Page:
To conclude the day of practice on the double bass, I played the first half of Faure's Sicilienne. More work on this would be needed.

Well, to conclude this week, I have once again managed to reach my target! (to practise at least four days a week, at least 15 minutes on each of the four days) Cheers.

Meantime, I ask for good health so that I would feel strong enough to practise.

Free Admission to Mystery Men exhibition on 19 Feb 2007

Good news for the folks who like indulging in enriching lifestyles: The Asian Civilisation Museum extends its opening hours for Chinese New Year (View Source)!

Right now, at the Asian Civilisation Museum, you can be among the privileged ones to view and get close up to the mysterious finds excavated from the most important archaeological find in 20th century China. These artefacts are being exhibited for the first time here in the Southeast Asia region at the Mystery Men: Finds from China's Lost Age exhibition.

There are a lot to learn at the exhibition. If you would like snippets of my earlier visit to this exhibition, please click on this link to my post titled: At the Asian Civilisation Museum: Mystery Men.

The better news is that on 19 Feb 2007, admission to the Asian Civilisation Museum will be free. That would include free admission to the Mystery Men exhibition.

What is more, the Singapore River HongBao 2007 will be held fairly nearby, at the Esplanade Park from 16 Feb to 4 Mar 2007. As such, for the energetic folks, they could check out these two places on the same day without much extra travelling hassle.

For more information on the Mystery Men exhibition, please visit the following URLs:
At the Asian Civilisation Museum: Mystery Men

Friday, February 16, 2007

It has found a new home!

Some of my readers who have been reading my blog for quite a while may remember the above sculpture by Ju Ming. I took the above photo of the sculpture on 10 Feb 2007, just outside the Singapore Arts Museum. At its new home, the figurines of the sculpture look dignified, calm and cool.

I am awfully biased once again. I still love the sculpture at its previous location, Riverside Point, in the Clarke Quay area, near the museum previously known as the Singapore History museum. The sculpture just seemed more cheerful and playful against the bright colours of the buildings in the Clarke Quay area, didn't it?

Photo taken one year ago.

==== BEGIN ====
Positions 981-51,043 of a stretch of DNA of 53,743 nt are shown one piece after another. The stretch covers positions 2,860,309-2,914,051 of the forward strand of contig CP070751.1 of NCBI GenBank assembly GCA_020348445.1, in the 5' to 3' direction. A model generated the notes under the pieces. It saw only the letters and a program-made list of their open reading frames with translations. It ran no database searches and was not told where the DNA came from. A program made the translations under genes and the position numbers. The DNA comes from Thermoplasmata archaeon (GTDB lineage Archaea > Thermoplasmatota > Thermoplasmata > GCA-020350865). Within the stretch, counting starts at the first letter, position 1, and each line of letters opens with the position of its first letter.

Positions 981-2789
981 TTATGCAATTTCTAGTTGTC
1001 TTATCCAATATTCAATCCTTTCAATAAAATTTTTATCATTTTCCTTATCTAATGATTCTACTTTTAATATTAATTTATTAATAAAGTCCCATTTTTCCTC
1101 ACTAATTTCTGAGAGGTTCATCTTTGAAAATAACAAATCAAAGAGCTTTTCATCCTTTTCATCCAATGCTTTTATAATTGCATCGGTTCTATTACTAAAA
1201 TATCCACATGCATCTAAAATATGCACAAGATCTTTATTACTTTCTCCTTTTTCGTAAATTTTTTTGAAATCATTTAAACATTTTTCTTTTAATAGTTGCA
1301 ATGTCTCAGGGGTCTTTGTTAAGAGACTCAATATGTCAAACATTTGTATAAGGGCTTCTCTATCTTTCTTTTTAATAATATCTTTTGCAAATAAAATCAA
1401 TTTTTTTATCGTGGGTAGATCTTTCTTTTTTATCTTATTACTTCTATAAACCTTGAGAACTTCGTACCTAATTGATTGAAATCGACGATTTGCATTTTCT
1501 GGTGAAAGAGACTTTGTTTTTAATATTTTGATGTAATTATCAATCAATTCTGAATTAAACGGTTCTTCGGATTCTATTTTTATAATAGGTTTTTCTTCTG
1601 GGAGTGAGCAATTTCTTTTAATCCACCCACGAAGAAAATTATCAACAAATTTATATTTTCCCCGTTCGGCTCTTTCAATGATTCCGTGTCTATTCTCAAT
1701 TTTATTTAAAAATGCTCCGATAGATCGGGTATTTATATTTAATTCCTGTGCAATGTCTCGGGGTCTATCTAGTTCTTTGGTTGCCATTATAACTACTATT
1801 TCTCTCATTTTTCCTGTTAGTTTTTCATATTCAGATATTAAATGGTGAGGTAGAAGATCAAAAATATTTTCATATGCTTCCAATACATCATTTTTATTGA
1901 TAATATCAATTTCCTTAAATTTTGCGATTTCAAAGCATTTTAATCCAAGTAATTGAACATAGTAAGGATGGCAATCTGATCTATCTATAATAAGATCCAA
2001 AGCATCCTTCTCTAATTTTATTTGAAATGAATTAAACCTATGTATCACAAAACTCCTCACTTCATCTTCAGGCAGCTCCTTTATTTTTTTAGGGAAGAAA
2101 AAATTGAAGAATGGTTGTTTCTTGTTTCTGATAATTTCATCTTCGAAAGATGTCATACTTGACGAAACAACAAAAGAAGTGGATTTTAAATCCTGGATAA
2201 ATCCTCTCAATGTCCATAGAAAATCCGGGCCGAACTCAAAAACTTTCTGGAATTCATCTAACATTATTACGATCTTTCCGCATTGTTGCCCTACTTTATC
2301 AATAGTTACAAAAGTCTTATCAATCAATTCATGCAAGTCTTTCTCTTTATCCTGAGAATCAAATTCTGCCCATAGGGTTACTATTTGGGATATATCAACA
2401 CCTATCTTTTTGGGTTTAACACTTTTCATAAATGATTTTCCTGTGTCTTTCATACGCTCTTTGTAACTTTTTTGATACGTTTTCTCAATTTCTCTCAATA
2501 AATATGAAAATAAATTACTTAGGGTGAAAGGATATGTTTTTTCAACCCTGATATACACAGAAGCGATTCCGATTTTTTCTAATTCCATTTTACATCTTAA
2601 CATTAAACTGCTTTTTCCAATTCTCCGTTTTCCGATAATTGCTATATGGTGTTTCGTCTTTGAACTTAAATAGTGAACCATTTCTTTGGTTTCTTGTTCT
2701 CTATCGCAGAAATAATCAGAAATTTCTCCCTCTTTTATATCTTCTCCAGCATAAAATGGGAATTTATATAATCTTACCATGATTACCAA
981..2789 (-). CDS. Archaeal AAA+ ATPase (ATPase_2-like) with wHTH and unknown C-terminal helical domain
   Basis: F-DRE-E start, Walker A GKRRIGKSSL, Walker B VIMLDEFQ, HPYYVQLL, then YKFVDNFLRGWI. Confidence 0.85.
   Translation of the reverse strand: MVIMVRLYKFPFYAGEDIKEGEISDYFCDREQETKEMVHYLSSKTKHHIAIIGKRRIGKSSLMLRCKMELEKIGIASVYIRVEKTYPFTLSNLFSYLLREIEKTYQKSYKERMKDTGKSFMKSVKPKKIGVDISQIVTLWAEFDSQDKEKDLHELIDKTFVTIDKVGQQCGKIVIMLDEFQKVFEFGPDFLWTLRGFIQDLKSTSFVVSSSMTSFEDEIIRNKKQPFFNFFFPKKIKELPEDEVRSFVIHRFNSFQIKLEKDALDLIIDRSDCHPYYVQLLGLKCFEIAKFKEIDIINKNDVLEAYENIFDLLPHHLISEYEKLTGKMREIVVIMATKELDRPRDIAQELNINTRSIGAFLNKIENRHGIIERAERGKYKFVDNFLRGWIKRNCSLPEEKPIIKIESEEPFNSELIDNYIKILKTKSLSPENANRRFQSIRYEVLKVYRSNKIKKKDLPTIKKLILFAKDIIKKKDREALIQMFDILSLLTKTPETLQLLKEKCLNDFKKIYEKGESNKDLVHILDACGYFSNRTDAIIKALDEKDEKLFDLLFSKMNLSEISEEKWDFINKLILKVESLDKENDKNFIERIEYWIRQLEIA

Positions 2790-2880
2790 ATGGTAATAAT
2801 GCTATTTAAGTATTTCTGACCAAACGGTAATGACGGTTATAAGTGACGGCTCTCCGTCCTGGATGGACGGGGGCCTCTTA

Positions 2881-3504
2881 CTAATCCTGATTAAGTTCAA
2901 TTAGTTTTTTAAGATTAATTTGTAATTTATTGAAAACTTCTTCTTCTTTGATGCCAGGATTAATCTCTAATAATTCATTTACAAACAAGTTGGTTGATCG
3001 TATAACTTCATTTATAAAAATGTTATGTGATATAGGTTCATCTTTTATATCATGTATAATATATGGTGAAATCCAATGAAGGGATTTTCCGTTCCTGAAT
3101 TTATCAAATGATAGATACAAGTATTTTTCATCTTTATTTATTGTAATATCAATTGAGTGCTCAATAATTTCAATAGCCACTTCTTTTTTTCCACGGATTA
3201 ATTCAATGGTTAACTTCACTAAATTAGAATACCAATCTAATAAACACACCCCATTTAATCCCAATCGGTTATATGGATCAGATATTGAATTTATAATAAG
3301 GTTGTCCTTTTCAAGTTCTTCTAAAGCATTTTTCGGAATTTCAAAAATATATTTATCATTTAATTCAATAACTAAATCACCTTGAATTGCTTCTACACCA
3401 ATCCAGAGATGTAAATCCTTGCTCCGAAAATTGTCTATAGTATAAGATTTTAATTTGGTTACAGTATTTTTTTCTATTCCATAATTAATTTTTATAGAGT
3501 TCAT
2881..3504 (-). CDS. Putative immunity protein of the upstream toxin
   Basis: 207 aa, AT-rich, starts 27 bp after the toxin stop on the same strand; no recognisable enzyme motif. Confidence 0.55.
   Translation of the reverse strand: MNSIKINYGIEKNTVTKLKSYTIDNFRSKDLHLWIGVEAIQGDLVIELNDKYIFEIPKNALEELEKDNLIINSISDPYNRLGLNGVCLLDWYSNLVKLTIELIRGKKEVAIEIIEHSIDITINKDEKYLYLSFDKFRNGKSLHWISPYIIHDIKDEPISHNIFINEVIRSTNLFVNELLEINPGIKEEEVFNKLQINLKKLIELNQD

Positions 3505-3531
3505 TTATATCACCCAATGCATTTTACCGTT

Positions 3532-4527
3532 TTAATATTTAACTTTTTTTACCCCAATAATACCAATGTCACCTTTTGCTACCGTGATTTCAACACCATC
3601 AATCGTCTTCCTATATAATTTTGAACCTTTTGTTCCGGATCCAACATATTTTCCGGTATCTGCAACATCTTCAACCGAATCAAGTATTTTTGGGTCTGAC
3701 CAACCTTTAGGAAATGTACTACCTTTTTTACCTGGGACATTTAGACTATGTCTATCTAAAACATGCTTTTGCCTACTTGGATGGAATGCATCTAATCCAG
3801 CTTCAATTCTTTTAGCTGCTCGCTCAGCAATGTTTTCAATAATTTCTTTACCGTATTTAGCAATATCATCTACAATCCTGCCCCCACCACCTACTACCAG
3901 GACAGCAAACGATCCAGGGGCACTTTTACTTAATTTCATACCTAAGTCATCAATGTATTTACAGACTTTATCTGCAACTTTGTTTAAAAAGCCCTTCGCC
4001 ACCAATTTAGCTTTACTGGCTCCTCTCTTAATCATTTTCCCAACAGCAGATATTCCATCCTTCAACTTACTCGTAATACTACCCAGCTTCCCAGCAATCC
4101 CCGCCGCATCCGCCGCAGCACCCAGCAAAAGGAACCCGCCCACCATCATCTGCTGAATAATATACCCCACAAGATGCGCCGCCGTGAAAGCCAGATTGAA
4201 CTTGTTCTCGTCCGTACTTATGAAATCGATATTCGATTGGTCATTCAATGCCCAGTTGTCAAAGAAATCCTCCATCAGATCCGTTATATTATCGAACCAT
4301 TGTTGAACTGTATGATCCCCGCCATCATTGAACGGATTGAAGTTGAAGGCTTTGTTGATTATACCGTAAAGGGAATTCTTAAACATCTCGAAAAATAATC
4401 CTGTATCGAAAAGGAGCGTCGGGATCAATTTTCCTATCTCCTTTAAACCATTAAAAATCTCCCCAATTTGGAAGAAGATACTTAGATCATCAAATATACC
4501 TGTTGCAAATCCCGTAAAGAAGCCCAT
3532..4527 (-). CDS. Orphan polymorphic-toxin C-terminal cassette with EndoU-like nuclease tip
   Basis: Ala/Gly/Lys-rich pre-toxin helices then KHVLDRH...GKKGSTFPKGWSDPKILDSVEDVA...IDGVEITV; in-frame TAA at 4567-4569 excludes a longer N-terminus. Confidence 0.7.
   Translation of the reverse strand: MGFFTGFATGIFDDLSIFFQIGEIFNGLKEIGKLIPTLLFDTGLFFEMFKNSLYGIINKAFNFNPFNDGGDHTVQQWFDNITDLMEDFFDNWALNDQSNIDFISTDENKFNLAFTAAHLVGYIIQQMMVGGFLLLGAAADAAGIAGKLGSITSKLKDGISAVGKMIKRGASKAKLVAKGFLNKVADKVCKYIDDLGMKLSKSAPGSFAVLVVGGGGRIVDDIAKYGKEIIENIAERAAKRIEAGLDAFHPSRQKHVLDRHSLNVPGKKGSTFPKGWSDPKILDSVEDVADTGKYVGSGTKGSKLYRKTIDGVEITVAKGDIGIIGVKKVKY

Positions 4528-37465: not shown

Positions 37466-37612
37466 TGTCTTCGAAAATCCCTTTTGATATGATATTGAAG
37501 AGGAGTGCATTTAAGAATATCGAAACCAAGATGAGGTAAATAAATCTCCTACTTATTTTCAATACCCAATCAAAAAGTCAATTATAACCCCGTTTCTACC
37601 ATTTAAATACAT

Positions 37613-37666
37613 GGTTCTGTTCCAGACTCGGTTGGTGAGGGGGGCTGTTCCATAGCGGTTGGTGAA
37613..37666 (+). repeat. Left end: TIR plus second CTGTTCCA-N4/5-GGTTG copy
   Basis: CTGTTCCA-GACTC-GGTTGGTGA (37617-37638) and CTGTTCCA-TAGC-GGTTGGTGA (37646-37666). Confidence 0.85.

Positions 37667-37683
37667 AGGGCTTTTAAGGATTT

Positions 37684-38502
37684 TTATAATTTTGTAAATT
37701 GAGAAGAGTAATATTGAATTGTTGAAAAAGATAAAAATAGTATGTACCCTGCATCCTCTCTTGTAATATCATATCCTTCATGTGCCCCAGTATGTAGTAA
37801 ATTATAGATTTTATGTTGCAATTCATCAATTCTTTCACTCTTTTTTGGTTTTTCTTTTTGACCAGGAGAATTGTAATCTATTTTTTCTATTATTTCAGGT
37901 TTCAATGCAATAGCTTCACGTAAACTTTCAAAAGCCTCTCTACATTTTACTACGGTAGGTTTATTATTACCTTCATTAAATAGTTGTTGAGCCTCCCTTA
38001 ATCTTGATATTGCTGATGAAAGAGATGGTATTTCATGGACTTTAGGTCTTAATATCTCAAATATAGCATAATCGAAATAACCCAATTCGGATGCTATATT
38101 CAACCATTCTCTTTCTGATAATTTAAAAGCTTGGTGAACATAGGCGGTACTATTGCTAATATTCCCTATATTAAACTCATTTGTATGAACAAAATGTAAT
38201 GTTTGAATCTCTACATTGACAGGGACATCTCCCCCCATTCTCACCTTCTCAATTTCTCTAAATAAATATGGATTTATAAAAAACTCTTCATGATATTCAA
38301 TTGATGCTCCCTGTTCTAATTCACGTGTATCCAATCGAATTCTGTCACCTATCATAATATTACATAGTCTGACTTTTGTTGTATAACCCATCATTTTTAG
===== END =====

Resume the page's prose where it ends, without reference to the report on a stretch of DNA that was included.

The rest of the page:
And in case some may not realise, prior to being placed at the Riverside Point, this sculpture used to stand close to what we now know as the National Museum of Singapore. Please check this link out for the photo.

National Museum of Singapore.

I wonder what image the sculpture would portray if it were to be moved back to its former home, the grounds of the National Museum of Singapore? Actually, I think it would bring me a nice, warm sense of nostalgia.

Thursday, February 15, 2007

Come hear us: Sturm und Drum

The NUS Symphony Orchestra performing in Aberdeen, for the Aberdeen International Youth Festival's Opening Concert 2005. This photo was taken by an anonymous photographer.

On 16 March 2007, be treated to not just one, but two Singapore premieres of showpieces performed by the viola soloist, Anatoly Zelinsky. Violin and even cello solos are quite commonly heard in Singapore, but it is a fairly rare treat to be able to listen to a viola solo performed in public, right in Singapore.

I am biased. If I were to choose between the sound of a viola and the violin, I would definitely prefer the sound of the viola because it is closer to the range of human voice. (Of course, I am even more biased because I love the sound of the double bass!)

I like the synopsis of the concert found on Sistic's website, and I hope to see how such a synopsis could draw more audience for our orchestra to share our music and the joy of music-making with.

To be straight to the point, I shall offer the details of the concert right here:

Sturm und Drum
Date: 16 Mar 2007 (Fri)
Time: 7.30 p.m.
Venue: University Cultural Centre Hall, NUS
Ticket Price: $11 each (including $1 Sistic Booking Fee)

· Rimsky-Korsakov: Russian Easter Festival Overture
· Hindemith: "Trauermusik" for Viola and Orchestra (Singapore premiere)
· Paganini: Grand Sonata for Viola & Orchestra (Singapore premiere)
· Beethoven: Symphony No. 6 in F Major, Op 68, 'Pastoral Symphony' Movements 4 & 5
· Sibelius: Symphony No. 2 in D Major, Op 43, Movements 3 & 4

Listening to a classical music concert can actually be quite affordable. I happen to have discounted tickets which are priced at $9 each only (including the $1 Sistic Booking fee). If you would like to get some help with the purchase of the discounted tickets, please send me an email. My email address can be found under my Blogger's profile. Alternatively, you may purchase the regular-priced tickets through Sistic.

Yours truly will be playing in this concert. If you would like to see yours truly in action, on the double bass, this is one chance that you will have. I hope I could have the pleasure to play for you on the stage for this coming concert.